British farm standards must be the benchmark in future trade deals

NFU President Minette Batters will today challenge the Government to show global leadership on international trade and insist that British farm standards are the benchmark for any food imports in future trade deals.

Speaking at the NFU’s annual conference, Mrs Batters will highlight the gulf between the high animal welfare and environmental standards British farmers adhere to and the lack of equivalent regulation around the world.

In her speech, Mrs Batters will say: “For the first time in decades this country has the opportunity to shape a trade, immigration and agricultural policy which will define our country for decades to come.

“This year the government must show global leadership, insist that UK farm standards are the benchmark for climate-friendly farming around the world and that whoever wants to trade with us, trades on our terms. We must not allow those standards to be undermined by imports of goods which would be illegal for our farmers to produce here.

“In other parts of the world abattoirs use chlorine or other chemicals to wash carcases – this is not allowed in Britain because we have legislation on the way we keep our livestock which limits stocking density. We have rules on biosecurity, lighting, diet and veterinary oversight.

“In the US and other countries there are no federal controls on what are deemed in the UK to be fundamental welfare requirements.

“And in Japan, Australia, China, Canada, Brazil, Malaysia and India the use of antibiotics is permitted for growth promotion.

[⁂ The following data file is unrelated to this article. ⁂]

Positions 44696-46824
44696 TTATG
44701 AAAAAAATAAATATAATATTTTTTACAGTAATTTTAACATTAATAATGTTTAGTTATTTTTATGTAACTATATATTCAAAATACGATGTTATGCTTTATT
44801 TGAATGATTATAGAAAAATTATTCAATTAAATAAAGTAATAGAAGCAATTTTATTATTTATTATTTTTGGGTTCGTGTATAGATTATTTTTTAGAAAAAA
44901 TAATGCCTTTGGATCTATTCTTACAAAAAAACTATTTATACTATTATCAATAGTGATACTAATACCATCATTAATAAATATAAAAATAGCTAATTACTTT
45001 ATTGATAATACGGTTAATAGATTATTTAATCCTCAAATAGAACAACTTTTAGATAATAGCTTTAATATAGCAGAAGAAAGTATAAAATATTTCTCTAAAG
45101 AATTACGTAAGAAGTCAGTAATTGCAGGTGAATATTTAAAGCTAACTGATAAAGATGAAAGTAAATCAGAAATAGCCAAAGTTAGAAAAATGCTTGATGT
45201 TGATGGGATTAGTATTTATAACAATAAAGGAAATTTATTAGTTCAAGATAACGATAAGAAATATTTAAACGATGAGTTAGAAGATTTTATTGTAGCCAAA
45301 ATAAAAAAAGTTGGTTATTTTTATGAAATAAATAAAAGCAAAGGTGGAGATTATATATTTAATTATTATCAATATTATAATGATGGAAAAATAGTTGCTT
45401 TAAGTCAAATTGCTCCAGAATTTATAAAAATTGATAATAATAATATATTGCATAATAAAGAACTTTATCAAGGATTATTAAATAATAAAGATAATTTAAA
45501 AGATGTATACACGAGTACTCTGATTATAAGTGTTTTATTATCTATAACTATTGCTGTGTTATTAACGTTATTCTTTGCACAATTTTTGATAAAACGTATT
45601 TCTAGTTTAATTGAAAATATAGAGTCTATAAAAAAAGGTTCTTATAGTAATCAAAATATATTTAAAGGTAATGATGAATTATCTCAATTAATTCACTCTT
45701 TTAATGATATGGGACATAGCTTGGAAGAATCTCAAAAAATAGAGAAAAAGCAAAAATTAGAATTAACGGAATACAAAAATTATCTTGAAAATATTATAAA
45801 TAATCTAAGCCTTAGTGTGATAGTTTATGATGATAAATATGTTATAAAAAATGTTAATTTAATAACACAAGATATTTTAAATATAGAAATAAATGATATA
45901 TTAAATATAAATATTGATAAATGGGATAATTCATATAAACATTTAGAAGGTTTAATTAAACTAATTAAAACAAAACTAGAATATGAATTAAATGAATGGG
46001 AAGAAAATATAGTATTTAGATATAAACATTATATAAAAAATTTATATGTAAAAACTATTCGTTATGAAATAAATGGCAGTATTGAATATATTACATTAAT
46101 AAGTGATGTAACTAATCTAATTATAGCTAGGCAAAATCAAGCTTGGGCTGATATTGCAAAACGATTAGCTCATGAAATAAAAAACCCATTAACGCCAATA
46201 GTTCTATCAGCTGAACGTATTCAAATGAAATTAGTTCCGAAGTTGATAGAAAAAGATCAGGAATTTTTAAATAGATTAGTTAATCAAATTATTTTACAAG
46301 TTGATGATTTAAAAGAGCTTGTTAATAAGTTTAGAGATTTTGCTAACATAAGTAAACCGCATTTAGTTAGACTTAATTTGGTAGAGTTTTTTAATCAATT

“This isn’t just about chlorinated chicken. This is about a wider principle. We must not tie the hands of British farmers to the highest rung of the standards ladder while waving through food imports which may not even reach the bottom rung.

“If the government is serious about animal welfare and environmental protection and doing more than any previous government, it must put legislation in the Agriculture Bill.

“What is government waiting for? What is more important to our economy, our health and our environment than the very food that we eat?”

 

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About The Author

John Swire - Deputy editor of Agronomist and Arable Farmer as well as responsibility for the Agronomist and Arable Farmer and Farm Business websites. After 17 years milking cows on the family farm John started writing about agriculture in 1998 and has since written for a variety of publications and has developed a wide circle of contacts within the industry. When not working John is a season ticket holder at Stoke City and also of late has become a fitness freak, listing cycling, swimming and walking as his exercises of choice.